The action is machined from an EN36 steel billet. The Purdey Trigger Plate has a chopper-lump underlug and Boss-inspired bifurcated lumps on the monoboc walls that draw against bosses machined into the side of the receiver. This generous locking surface area ensures durability and rigidity for the high-volume discharge of powder-keg cartridges.
Each Purdey Trigger Plate shotgun, like all Purdeys, is customized to the client’s wishes. Barrel length, fixed or screw-in chokes, engraving styles, rib, wood grade, case finish, grip and forend preference are completely individualized. That also means the balance point can be calculated into the finished gun.
The author shooting simulated driven pheasants with the Purdey Trigger Plate gun at Griffin & Howe’s Hudson Farm sporting clays course.
The Purdey Trigger Plate I shot had 30-inch barrels with Teague chokes. Its amiable field dynamics of swing and mount belied the scales. The only time Purdey’s Trigger Plate felt especially hefty was after carrying it over my shoulder for a while. (Then again I wasn’t accompanied by an estate loader.)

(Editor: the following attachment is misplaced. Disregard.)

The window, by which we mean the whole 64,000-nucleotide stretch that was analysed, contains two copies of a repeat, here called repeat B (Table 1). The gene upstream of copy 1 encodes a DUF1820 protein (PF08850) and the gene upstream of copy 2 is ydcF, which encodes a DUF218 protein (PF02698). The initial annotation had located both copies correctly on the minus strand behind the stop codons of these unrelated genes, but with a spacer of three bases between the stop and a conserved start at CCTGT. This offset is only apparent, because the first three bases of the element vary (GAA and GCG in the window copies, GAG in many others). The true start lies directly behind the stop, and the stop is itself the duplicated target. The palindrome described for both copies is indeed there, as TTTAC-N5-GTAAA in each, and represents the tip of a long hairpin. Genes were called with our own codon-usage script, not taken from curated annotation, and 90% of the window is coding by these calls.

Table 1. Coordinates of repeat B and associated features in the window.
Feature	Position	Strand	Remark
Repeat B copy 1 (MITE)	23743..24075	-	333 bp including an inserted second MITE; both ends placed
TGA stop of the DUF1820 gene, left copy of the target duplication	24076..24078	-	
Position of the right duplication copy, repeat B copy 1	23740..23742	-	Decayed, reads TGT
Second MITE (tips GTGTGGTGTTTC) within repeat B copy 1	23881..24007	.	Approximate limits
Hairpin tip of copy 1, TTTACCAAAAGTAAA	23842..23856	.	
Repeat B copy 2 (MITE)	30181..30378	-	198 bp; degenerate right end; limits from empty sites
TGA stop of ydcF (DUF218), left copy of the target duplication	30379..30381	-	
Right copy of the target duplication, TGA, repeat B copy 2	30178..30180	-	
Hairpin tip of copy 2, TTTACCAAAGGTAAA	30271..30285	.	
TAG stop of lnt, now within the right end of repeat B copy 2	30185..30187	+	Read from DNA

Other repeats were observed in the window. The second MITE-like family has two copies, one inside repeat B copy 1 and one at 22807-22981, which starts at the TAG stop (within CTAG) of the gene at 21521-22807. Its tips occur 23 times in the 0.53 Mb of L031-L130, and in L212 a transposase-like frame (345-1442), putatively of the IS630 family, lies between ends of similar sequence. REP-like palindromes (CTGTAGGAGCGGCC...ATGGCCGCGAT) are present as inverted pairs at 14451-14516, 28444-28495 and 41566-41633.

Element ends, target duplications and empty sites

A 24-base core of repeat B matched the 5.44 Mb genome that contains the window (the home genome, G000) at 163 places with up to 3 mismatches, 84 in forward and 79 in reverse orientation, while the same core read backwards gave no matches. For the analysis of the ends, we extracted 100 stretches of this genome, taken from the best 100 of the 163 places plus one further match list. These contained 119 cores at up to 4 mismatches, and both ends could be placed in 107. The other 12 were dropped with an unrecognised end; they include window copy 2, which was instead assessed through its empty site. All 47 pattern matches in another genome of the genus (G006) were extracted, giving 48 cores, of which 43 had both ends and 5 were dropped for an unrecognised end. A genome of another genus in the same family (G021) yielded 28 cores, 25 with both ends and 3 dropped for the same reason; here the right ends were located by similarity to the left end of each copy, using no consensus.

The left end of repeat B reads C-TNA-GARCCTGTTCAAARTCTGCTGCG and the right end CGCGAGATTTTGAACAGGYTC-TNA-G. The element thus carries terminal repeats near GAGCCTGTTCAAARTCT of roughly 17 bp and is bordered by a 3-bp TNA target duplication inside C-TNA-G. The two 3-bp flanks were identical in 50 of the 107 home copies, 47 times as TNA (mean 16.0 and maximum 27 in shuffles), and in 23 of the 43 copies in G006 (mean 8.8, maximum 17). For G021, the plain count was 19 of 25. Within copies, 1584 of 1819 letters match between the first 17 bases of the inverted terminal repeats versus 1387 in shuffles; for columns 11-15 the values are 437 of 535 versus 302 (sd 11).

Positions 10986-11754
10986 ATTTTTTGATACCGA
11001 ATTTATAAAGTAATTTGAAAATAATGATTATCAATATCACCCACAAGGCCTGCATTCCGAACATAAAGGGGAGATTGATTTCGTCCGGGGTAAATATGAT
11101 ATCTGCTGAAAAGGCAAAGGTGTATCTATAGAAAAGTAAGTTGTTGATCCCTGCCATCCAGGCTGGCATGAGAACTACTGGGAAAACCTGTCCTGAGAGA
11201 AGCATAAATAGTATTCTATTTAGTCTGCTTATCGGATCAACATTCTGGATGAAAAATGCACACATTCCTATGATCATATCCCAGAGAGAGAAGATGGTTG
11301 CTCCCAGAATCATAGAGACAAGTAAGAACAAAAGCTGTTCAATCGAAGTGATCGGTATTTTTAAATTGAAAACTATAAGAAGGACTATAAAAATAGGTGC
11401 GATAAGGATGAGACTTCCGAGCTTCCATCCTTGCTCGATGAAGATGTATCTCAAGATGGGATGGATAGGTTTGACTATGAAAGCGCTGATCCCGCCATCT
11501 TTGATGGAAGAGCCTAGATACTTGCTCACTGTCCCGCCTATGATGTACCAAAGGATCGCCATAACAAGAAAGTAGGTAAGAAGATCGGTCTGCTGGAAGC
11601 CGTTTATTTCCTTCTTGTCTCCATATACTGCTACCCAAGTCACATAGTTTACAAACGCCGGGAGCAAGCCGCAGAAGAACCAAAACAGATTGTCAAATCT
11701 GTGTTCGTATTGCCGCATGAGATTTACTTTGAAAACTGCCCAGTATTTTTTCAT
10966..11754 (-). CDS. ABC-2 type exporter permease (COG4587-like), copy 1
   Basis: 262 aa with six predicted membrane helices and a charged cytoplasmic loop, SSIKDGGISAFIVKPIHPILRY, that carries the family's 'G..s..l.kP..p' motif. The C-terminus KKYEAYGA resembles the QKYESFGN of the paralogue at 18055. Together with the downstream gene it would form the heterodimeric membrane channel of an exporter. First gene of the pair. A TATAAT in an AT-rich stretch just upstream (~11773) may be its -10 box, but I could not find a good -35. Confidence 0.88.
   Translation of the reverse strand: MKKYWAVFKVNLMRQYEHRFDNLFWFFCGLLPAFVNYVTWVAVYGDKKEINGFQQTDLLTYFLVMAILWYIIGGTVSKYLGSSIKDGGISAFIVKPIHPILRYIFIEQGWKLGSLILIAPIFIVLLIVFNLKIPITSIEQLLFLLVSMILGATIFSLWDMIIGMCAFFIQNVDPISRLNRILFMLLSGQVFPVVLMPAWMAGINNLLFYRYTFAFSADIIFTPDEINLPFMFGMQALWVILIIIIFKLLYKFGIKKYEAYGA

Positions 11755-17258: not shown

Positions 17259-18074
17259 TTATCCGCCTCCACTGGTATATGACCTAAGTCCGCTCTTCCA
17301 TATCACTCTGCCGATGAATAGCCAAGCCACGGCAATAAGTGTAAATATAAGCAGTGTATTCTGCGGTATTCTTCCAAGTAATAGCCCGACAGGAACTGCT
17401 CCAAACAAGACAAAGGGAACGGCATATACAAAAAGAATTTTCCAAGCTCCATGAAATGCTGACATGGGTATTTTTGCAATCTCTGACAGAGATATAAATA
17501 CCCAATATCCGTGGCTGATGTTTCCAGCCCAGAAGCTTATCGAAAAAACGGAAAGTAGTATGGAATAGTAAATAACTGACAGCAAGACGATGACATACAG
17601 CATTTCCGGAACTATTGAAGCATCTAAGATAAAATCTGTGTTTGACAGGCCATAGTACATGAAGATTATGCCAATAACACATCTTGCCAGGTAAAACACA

There was an apparent disconnect. How could an eight-plus-pound over/under configured for high driven birds feel so nimble at sporting clays?
Mr. Juer turned the conversation to balance and the classical Purdey proportions of the shotgun. The dimensions of Purdey Trigger Plate emphasize a between-the-hands balance. It’s a design principle in all Purdey Trigger Plate shotguns regardless of personal preferences on barrel or stock lengths. The shotgun will always handle the same.
“Everything is in proportion,” Mr. Juer said of the Purdey Trigger Plate.
Relatedly, the specimen I shot was recoil-free. We used the Hudson Farm go-to shells from Baschierri & Pellagri of 1 ounce at 1200 feet per second packed with number 8 shot. In a shotgun bearing the weight of that Trigger Plate it’s expected that felt recoil would be minimal with that load. But my feeling was that the lack of recoil was in fact deliberately fundamental to the harmonious experience of hot-barrel shooting the Purdey Trigger Plate – something you would expect for £59,500 GBP.